OS Summit The Linux Foundation has created one open-data licence framework to rule them all, allowing users to collaborate on data-driven projects.
Today at the Open Source Summit in Prague, executive director Jim Zemlin announced the Community Data License Agreement, which is designed for non-proprietary data.
The org says data producers can now share the goods "with greater clarity about what recipients may do with it".
One branch "puts terms in place to ensure that downstream recipients can use and modify that data, and are also required to share their changes", while the other does not oblige users to share those changes.
Zemlin told the conference's crowd of open-source and enterprise IT pros that the rise of machine learning and AI algorithms, which need to be trained, has made data so important that this had to be done now.
There are quite a few licences data-wranglers use for open data right now, like the various Creative Commons options.
We spoke to Laurent Pinchart, a freelance Linux Kernel developer, at the summit, where he told The Register that he was curious as to what the foundation thought was lacking from Creative Commons or the ODBL licence used by Open Street Map.
Some developers see the new "data privacy agnostic" licence as something that will gain adoption because of the visibility of the Linux Foundation. Each individual who works through the data will have to work through various jurisdictional requirements and legal issues, the Foundation has pointed out.
"Data is getting more and more relevant," Mark Jonas, a developer at Bosch, told The Register in Prague. "It could become standard if it's good."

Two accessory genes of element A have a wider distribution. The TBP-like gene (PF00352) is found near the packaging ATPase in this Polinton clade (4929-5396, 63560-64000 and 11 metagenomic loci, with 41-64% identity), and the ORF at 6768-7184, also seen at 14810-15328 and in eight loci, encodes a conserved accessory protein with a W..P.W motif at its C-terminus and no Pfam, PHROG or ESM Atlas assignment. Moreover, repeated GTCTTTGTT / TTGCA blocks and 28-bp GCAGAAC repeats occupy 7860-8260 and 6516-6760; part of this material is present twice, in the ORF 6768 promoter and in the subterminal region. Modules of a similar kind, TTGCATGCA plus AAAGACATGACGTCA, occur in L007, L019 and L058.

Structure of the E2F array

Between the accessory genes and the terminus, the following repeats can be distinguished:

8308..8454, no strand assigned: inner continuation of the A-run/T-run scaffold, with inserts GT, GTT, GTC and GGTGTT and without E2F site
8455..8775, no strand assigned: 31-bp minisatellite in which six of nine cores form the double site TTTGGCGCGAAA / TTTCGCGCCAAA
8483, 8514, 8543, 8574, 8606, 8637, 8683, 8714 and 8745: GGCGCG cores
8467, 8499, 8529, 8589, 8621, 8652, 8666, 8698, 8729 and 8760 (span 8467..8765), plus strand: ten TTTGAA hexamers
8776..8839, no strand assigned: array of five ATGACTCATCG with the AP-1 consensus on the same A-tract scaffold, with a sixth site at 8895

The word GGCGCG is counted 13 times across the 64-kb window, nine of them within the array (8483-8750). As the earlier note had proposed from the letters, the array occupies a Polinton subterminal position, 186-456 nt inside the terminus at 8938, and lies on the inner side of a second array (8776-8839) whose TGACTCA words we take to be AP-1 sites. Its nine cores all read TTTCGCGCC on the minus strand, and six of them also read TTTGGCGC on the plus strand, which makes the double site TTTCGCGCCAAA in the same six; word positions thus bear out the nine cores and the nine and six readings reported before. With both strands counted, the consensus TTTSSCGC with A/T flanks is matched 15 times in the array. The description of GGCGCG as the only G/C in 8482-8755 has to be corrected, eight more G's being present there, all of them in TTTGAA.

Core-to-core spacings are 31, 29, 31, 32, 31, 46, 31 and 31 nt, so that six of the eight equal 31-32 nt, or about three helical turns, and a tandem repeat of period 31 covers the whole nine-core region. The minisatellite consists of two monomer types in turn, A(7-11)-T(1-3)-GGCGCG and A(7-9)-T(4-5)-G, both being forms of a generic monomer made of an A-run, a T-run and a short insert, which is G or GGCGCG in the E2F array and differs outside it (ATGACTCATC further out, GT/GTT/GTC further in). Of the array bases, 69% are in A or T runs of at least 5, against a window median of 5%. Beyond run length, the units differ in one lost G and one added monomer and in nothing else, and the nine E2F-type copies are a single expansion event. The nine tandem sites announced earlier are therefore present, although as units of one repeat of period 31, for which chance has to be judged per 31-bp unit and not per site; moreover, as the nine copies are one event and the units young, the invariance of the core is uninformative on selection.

Brian Exelbierd, the Fedora Community Manager at RedHat, expressed enthusiasm but wondered why there were only two licences, although he expects that they are standards that will be iterated on.
Mike Turquette, CEO of embedded devices consultancy BayLibre, said: "The idea of putting out a licence is more important than the licence itself" – because it opens a discussion.
He cautioned that this would be for firms that open up their data. In cases such as Google or Twitter, "you're not going to be keen on sharing data."
Eben Moglen, Professor of Law at Columbia Law School and founding director of the Software Freedom Law Center said in a canned statement: "Clearly expressed, well-designed rules for 'share alike' treatment of collaboratively produced data will enable massive cooperation and help us resist over-concentrated ownership of the resource most crucial to 21st century social and economic development." ®
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